NIH Study Supports Camels as Primary Source of MERS-CoV Transmission

NIH Study Supports Camels as Primary Source of MERS-CoV Transmission

National Institutes of Health (NIH) and Colorado State University (CSU) scientists have provided experimental evidence supporting dromedary camels as the primary reservoir, or carrier, of Middle East respiratory syndrome coronavirus (MERS-CoV). The study, designed by scientists from CSU and NIH's National Institute of Allergy and Infectious Diseases, involved three healthy camels exposed through the eyes, nose and throat to MERS-CoV isolated from a patient. Each camel developed a mild upper respiratory tract infection consistent with what scientists have observed throughout the Middle East.

Pictured are MERS coronavirus particles (green) on camel epithelial cells. Image courtesy of NIH


National Institutes of Health (NIH) and Colorado State University (CSU) scientists have provided experimental evidence supporting dromedary camels as the primary reservoir, or carrier, of Middle East respiratory syndrome coronavirus (MERS-CoV). The study, designed by scientists from CSU and NIH's National Institute of Allergy and Infectious Diseases, involved three healthy camels exposed through the eyes, nose and throat to MERS-CoV isolated from a patient. Each camel developed a mild upper respiratory tract infection consistent with what scientists have observed throughout the Middle East.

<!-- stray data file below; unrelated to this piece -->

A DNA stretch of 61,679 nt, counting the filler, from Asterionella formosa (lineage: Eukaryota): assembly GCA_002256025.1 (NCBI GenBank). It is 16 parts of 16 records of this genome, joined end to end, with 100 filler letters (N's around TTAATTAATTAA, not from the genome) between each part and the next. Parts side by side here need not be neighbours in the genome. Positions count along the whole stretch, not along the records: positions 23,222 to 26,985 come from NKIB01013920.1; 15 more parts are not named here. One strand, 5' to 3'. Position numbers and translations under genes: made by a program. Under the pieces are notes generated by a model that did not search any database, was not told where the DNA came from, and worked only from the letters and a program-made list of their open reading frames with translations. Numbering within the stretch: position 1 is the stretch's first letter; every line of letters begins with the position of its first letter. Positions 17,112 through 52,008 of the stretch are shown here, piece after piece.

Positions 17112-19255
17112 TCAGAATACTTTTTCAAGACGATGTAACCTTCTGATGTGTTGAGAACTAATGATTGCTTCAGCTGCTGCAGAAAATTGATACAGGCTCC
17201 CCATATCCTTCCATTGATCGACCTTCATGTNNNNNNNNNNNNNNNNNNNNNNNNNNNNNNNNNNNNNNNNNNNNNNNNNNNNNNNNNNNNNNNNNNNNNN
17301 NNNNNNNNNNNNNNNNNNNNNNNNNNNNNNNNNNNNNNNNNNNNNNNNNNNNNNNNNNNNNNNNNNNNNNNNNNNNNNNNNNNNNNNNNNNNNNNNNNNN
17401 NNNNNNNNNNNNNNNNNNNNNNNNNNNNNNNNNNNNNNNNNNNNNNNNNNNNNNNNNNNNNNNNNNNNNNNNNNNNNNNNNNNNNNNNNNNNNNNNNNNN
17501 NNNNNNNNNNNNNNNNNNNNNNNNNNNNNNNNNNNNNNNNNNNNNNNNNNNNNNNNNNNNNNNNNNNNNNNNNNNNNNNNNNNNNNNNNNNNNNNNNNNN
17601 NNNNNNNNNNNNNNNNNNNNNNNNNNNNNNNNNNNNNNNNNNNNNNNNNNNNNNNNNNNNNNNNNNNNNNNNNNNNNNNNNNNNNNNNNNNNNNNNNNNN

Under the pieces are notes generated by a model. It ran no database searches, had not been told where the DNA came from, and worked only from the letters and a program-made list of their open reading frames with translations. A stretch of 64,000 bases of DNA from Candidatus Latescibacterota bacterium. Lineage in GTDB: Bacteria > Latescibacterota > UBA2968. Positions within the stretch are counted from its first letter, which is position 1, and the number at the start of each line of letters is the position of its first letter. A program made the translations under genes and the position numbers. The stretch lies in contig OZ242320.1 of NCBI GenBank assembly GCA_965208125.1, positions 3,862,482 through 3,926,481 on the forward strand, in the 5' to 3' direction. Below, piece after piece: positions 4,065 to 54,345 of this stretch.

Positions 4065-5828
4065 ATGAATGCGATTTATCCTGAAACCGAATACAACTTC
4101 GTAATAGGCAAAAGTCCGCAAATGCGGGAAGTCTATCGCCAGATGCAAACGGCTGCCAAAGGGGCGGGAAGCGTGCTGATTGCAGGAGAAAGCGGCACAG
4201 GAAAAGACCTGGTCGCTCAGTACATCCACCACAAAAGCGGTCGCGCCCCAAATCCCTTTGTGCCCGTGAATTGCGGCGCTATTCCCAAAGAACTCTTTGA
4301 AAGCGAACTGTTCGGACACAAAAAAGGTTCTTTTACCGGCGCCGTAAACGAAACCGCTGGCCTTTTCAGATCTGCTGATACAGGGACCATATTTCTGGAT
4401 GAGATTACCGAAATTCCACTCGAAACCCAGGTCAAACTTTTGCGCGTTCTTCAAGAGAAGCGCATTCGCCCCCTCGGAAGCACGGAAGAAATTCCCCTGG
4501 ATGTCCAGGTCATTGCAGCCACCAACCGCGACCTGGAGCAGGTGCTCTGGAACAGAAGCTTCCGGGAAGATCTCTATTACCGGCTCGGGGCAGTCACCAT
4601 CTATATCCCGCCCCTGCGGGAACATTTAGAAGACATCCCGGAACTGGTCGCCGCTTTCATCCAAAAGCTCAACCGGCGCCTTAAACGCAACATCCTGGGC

Samples taken from the camels showed high levels of infectious virus in secretions, primarily from the nose, for up to a week after infection; the scientists detected components of the virus for up to 35 days. Although the camels quickly recovered from infection without apparent complications, the researchers say the nasal secretions provide a likely source of transmission to people who handle the animals.

The researchers theorize that vaccinating camels could reduce the risk of MERS-CoV transmission to people and other camels; NIAID and others are supporting research to develop candidate vaccines for potential use in people and camels. The MERS outbreak, which began in 2012, continues throughout the Middle East. Since the outbreak began, NIAID researchers have focused on understanding how the virus causes disease and how it can be treated effectively. As of July 23, 2014 the World Health Organization has reported a total of 837 human cases of MERS-CoV infection, including at least 291 deaths.

Reference: Adney D, et al. Replication and Shedding of MERS-CoV in Upper Respiratory Tract of Inoculated Dromedary Camels. Emerging Infectious Diseases DOI: 10.3201/eid2012.141280.

Source: National Institutes of Health (NIH)





Hide comments

Comments

  • Allowed HTML tags: <em> <strong> <blockquote> <br> <p>

Plain text

  • No HTML tags allowed.
  • Web page addresses and e-mail addresses turn into links automatically.
  • Lines and paragraphs break automatically.
Publish